Many security vendors VPN service - Avast's SecureLine, Kaspersky's Secure Connection, Avira's PhantomVPN - and Norton Secure VPN (the product formerly known as Norton WiFi Privacy) is the company's entry into this field.
We were interested to see how the service compared with the specialist competition, but NortonLifeLock's website didn't make any real effort to tell us.
Norton Secure VPN offers 30 countries, for instance - but which ones? Any cities? How many servers? All a secret, apparently.
The service 'adds bank grade encryption', the site boasts. Which algorithms? Good question.
Okay, what protocols are supported, do you get a kill switch, does Secure VPN unblock Netflix? No, sorry, you won't find information like that here.
- Want to try Norton Secure VPN? Check out the website here
The site does give a few details; you can access 30 countries; there are apps for Windows, Mac, Android and iOS, and tracker blocking is thrown in for free.
Later, after installing the service, we found out the network has a fair spread of locations covering North America and Europe, with other locations including Australia, Brazil, Israel, Japan, Mexico, New Zealand, Singapore and South Africa.
The service uses the speedy and secure IKEv2 platform, but doesn't provide any guidance on how to get it working manually on other devices. It works on the apps only.
Beyond the tracker blocking, there are no other special features or configurations, which leaves the service looking a little underpowered.
Still, if you're not interested in the technical terminology you'll often see with other VPNs, this could have a lot of appeal, and the near total absence of features certainly makes Secure VPN easy to learn.
Plans and pricing
Norton Secure VPN is available as a stand-alone product, but it also comes bundled with some editions of the Norton 360 security suite, and the pricing structure makes it clear that's what NortonLifeLock wants you to buy.
Secure VPN's monthly plan is reasonably priced at $7.99, for instance, and its annual plan looks cheap at an equivalent $3.33 a month. At least, until you realize that's only because you get a 50% introductory discount, and the price rises to a steep $6.66 on renewal.
To put that into perspective, Norton Secure VPN asks you to pay $40 for the first year of service, $80 every year after that; pay the far more powerful Surfshark just $47.76 and you'll get two years of coverage instantly.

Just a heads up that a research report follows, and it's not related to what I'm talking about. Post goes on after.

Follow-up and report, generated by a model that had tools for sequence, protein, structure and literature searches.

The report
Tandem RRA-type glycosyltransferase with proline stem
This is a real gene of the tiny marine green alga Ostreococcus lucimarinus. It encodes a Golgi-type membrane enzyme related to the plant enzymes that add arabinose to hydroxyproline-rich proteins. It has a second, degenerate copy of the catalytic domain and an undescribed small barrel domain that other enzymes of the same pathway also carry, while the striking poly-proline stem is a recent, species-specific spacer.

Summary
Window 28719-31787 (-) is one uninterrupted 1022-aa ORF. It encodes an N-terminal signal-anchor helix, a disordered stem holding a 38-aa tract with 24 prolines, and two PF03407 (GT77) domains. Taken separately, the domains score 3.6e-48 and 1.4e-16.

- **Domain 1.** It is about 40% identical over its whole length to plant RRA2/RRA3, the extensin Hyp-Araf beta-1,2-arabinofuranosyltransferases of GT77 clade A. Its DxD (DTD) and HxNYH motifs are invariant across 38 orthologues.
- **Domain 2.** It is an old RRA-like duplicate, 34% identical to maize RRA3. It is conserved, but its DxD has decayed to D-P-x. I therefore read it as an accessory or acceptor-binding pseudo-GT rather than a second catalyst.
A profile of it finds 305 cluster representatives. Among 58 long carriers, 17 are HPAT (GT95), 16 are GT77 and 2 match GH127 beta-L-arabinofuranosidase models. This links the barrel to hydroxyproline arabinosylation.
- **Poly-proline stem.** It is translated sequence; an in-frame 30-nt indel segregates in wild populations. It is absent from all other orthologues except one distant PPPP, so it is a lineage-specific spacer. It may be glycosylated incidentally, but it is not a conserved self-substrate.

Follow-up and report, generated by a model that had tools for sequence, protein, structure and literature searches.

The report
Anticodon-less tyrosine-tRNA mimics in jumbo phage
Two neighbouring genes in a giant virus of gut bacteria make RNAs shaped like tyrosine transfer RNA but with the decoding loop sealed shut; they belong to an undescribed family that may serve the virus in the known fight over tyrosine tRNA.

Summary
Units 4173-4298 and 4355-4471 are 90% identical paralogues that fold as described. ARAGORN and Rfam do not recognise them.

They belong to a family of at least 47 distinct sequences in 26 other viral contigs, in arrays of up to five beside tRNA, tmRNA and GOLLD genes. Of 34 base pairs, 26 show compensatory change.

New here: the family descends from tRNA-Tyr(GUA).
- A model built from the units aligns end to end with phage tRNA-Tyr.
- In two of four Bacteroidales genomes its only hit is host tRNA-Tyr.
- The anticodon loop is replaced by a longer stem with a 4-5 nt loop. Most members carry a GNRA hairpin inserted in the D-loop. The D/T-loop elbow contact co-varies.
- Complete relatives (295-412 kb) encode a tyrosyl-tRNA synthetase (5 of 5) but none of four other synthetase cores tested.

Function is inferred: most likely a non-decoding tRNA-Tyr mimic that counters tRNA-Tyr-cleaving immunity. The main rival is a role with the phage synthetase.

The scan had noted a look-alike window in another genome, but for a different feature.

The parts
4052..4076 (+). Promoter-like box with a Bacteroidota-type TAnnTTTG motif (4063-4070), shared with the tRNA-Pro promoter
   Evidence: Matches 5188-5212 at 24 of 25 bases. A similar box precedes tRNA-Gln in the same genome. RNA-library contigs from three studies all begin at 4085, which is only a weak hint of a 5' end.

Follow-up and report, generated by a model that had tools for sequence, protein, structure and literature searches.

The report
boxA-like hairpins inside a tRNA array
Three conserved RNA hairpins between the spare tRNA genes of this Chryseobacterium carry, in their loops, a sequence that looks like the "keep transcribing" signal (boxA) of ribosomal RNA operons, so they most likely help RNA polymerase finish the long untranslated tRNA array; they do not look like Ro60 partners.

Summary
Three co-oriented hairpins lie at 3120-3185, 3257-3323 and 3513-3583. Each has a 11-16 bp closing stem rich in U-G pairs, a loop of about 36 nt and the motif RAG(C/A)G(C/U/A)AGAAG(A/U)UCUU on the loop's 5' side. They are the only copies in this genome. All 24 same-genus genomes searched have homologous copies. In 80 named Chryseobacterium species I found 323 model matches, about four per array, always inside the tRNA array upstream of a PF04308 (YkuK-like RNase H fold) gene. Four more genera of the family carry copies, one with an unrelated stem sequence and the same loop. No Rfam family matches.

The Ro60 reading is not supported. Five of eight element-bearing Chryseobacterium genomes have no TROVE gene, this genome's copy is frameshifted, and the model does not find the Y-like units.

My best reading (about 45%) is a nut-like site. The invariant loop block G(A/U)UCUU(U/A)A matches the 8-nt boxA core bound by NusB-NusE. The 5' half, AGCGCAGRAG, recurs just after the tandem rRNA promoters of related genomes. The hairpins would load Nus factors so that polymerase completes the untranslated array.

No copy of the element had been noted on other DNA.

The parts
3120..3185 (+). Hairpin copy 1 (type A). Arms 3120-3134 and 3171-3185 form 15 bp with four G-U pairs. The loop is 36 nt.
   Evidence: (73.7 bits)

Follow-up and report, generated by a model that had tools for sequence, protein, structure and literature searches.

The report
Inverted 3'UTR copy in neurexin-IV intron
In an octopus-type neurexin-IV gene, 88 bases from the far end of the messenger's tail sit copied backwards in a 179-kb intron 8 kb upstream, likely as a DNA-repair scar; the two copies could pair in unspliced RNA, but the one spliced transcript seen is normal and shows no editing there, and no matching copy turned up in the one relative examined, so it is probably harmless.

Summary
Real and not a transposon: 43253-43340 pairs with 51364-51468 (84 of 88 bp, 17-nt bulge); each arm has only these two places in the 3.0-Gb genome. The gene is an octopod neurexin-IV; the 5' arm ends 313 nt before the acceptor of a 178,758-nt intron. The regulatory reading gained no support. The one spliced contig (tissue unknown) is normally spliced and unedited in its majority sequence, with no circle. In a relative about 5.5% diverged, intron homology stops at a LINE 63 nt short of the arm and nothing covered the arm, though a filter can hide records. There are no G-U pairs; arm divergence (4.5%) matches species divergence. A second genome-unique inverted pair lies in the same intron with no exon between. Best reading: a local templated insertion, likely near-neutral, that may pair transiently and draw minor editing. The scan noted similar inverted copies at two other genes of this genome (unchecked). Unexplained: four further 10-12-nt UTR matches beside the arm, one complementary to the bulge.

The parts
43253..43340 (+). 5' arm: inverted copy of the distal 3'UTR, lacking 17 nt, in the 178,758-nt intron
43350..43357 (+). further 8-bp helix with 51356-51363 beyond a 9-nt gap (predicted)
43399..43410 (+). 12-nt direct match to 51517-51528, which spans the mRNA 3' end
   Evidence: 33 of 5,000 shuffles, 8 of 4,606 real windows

But wait: there's another way. Buy Norton Secure VPN as a bundle with Norton 360 Deluxe and you'll get antivirus for up to 5 PCs, Macs, mobiles and tablets; a firewall for PC and Mac; parental controls, a password manager, 50GB cloud backup space and more. But it's only very marginally more expensive than the stand-alone VPN at $50 (an equivalent $4.17 a month) for year one, $100 on renewal.
Compare that with Bitdefender's similar Total Security 2020, for instance, and Bitdefender is very fractionally cheaper ($45 year one, $90 on renewal), but only includes a limited 200Mb per day per device VPN. Getting the full VPN requires an upgrade to Bitdefender Premium Security at a chunky $90 in year one, $180 on renewal, making the Norton bundle look like a very good deal.
There's a free trial available if you sign up on a mobile device, and even if you decide to buy, you're protected by an unusually generous sixty-day money-back guarantee. Well, that's the idea, anyway - the exact rules vary depending on where and how you buy the product. The best advice here is to carefully read the small print.
Privacy and logging
The Secure VPN website claims the service provides a "no-log virtual private network that doesn’t track or store your activity." That's a good start, although there's no more detail on the front page.
A 'What is a no-log VPN?' support article vaguely states that the service 'collects subscriber information for communication purposes, mobile device data, and aggregate bandwidth usage', although it 'does not log information about where you go on the internet.'
There are no major surprises here. Locations are collected or accessed, but not associated with your account, apparently to help the Secure VPN app choose the nearest server to you. And although it's possible the service collects enough data to identify a particular device, if it doesn't associate that device with a session (connection dates and times, incoming and outgoing IPs, and so on), that information can't compromise your privacy.
While that's all good news, Norton Secure VPN hasn't put itself through a security audit, unlike some of the competition, and so you're left to take its words on trust. Although we've no reason to doubt the company, having its systems publicly audited would help to reassure potential customers.